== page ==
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Who made the first supersonic flight?

Learn about Chuck Yeager, the pilot who first traveled faster than the speed of sound.

A modern supersonic jet aircraft in mid-flight. [©Jupiter Images 2008]
©Jupiter Images 2008
A modern supersonic jet aircraft in mid-flight.

Supersonic flight is flight at or above the speed of sound. The speed of sound is 760 miles (1,223 kilometers) per hour in warm air at sea level. At a height of about 37,000 feet (11,278 kilometers), its speed is only 660 miles (1,062 kilometers) per hour.

The first person credited with reaching the speed of sound (Mach 1) was Major Charles E. (Chuck) Yeager (b. 1923), of the United States Air Force. In 1947, he attained Mach 1.45 at 60,000 feet (18,288 meters) while flying the Bell X-1 rocket research plane. This plane had been carried aloft by a B-29 and released at 30,000 feet (9,144 meters).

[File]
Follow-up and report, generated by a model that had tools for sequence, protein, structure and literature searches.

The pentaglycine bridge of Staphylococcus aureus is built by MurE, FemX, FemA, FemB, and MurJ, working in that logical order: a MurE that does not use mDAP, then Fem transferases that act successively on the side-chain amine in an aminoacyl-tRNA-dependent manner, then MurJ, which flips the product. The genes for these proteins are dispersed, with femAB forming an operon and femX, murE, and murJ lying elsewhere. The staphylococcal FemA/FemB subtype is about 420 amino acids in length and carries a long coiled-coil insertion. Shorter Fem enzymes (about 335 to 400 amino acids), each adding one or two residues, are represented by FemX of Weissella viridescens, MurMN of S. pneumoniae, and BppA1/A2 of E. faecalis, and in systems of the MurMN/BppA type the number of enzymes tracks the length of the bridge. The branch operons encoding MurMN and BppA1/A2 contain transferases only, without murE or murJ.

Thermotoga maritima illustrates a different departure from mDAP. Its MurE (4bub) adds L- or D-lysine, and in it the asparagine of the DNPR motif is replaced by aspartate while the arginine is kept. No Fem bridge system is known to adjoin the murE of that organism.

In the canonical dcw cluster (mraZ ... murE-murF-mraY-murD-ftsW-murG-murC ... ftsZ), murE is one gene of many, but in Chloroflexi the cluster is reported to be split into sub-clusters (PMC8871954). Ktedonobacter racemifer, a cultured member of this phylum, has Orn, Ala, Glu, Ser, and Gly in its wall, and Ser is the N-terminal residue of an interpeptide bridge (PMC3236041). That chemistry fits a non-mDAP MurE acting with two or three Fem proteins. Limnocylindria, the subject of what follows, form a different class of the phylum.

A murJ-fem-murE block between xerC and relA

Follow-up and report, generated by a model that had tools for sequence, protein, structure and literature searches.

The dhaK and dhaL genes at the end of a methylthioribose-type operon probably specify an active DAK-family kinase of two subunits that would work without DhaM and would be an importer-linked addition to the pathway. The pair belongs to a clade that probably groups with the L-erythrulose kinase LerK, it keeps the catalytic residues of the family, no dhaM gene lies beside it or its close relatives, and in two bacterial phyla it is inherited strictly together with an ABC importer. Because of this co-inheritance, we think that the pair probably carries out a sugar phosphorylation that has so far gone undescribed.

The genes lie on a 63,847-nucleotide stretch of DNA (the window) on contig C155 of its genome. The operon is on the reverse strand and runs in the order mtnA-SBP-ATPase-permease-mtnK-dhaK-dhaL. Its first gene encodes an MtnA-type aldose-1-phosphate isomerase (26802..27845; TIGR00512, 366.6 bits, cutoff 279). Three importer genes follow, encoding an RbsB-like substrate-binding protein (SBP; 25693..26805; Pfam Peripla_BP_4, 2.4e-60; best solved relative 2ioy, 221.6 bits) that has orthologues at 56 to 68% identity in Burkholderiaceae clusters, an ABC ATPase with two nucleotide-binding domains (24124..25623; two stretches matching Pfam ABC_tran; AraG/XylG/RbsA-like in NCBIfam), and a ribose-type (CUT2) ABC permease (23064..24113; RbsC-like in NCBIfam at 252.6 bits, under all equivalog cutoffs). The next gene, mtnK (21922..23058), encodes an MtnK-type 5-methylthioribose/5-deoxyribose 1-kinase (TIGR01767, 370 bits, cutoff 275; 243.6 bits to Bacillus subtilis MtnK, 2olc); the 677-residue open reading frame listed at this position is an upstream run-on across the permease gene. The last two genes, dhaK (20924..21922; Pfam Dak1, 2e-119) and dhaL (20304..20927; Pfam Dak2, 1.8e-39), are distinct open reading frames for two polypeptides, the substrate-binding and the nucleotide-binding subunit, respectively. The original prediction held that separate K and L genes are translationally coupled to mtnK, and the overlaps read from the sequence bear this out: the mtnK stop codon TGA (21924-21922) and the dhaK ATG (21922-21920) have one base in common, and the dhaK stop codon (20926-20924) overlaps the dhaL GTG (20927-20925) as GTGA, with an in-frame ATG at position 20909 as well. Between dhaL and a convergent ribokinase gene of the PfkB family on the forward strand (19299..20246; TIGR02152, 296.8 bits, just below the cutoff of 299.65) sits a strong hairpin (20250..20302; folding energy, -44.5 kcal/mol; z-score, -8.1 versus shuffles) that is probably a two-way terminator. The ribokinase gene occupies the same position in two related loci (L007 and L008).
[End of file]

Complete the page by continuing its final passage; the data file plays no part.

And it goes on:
In 1949, the Douglas Skyrocket became the first supersonic jet-powered aircraft to reach Mach 1 when Gene May flew at Mach 1.03 at 26,000 feet (7,925 meters).

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